It is again through language that the countering of this conception of Willow’s lesbian sexuality as transitional and flexible occurs. This threat of returned heterosexuality is also directly addressed, and thereby somewhat defused, by the writers giving Willow lines such as “When…I change back? Yeah, this is a college thing, just a little experimentation before I get over the thrill and head back to boys’ town” ( ‘Tough Love’ 5.19) during a fight with Tara over ‘lesbo street cred’. The presentation of her as a hybrid character who can inhabit all subjectivities, and be none of them, diminishes this statement, for we have seen Willow ‘change’ so many times that another such change would not come as a surprise. However, this hybridity itself is also undercut at various points, particularly in the repetition of the phrases “I think I’m kinda gay” and “bored now” in ‘Doppelgangland’ (3.16), ‘Tabula Rasa’ (6.8) and ‘Villains’ (6.20) respectively.
The repetition of the phrase “I think I’m kinda gay” in ‘Tabula Rasa’ when a spell gone awry causes Willow to lose her memory also demonstrates a more essentialist approach to sexuality, indicating that Willow’s queer feelings run more deeply than a conscious decision. The first time this phrase is uttered by Willow in ‘Doppelgangland’ likewise functions as an indication of Willow’s sexual preferences, long before we as viewers, or it appears Willow herself, have any knowledge thereof. It is thus through a violent, strong and hypersexual ‘bad girl’ that we see the first inklings of Willow’s queer self. And thus, the queer enters once again upon the side of the forces of darkness rather than that of the ‘crew of light’. The sexual, queer element of Willow’s personality manifests most prominently in her ‘evil’ doppelganger who curiously demonstrated no such tendencies in her earlier incarnation in ‘The Wish’ (3.9). Vampire Willow is “strong, assertive, and aggressively sexual” and is “especially lecherous with pretty girls”, an eroticism demonstrated aptly when she ‘takes’ a girl in the Bronze. This alternate-reality- Willow is particularly attracted to her mirror image (perhaps because she has none?), articulating conceptions of the stereotypical femme narcissistic lesbian, together with the camp possibilities of being with one’s double: an apex of ‘polymorphously perverse’ sexuality indeed!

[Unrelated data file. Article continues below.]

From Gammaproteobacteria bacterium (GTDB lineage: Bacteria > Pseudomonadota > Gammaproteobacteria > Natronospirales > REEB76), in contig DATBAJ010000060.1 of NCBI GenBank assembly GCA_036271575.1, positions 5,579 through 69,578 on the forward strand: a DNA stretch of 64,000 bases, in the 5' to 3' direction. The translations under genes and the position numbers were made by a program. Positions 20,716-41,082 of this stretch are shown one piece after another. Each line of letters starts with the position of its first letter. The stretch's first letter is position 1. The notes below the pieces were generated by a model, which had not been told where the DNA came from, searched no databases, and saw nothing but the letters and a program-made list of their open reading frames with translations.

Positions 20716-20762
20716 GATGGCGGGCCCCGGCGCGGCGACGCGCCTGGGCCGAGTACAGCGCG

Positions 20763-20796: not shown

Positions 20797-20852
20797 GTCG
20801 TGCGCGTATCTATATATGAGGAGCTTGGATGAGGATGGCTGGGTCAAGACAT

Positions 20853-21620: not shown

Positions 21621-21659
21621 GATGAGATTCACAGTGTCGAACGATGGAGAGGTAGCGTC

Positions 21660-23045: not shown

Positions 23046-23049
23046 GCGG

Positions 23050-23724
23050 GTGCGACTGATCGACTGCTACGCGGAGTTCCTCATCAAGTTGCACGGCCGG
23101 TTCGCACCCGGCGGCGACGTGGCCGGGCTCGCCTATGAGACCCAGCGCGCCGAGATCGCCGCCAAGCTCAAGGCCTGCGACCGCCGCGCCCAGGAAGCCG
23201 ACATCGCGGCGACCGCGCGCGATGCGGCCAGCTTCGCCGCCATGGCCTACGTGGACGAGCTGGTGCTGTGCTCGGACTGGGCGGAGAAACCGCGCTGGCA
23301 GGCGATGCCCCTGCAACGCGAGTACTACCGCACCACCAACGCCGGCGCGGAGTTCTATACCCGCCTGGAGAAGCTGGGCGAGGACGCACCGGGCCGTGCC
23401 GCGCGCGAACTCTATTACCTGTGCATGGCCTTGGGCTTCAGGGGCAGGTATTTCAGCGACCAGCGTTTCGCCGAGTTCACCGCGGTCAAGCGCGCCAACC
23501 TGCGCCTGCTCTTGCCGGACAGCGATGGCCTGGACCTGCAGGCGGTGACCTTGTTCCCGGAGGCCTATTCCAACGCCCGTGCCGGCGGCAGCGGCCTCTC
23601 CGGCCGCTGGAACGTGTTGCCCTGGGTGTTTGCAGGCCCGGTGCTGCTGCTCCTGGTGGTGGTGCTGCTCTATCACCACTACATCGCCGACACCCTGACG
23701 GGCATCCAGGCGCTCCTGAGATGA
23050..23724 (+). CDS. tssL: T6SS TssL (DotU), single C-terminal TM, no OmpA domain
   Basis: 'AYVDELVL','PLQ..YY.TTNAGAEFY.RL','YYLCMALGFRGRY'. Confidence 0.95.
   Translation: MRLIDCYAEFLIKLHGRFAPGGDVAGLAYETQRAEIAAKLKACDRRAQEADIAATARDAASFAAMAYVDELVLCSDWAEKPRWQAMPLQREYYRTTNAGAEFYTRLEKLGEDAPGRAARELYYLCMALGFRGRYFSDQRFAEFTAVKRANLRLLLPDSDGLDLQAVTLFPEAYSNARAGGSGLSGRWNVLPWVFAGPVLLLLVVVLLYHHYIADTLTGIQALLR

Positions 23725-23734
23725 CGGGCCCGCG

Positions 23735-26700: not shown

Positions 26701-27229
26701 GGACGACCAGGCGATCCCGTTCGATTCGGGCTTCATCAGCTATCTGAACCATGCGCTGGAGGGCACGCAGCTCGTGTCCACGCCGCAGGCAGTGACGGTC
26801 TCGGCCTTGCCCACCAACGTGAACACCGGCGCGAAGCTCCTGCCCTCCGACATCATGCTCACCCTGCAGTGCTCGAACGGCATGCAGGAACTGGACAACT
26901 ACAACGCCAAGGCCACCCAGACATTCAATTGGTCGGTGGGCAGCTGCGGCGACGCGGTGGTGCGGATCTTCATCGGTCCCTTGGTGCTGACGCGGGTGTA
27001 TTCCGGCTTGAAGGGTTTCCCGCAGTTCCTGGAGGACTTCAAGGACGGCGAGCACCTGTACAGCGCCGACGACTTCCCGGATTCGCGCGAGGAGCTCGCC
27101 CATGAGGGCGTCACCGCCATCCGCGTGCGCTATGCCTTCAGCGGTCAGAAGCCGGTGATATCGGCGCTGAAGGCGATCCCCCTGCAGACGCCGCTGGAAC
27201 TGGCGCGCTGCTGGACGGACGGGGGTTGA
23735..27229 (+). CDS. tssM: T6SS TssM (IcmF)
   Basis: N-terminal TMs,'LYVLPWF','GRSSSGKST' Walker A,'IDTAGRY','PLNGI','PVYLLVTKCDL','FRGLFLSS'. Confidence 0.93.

Willow’s overly horrified reaction to Vampire Willow’s advances, can be read, particularly in light of her later feelings, as an unconscious recognition of her own queerness in her vampire self. Indeed as Bartlem has purported:
Vampire-Willow is not simply Willow’s externalised other, rather she appears to be a reflection of a different aspect of Willow’s character. This episode hints at what is to come for Willow later in the series, implying that Willow has the potential to be queer, seductive, powerful and evil.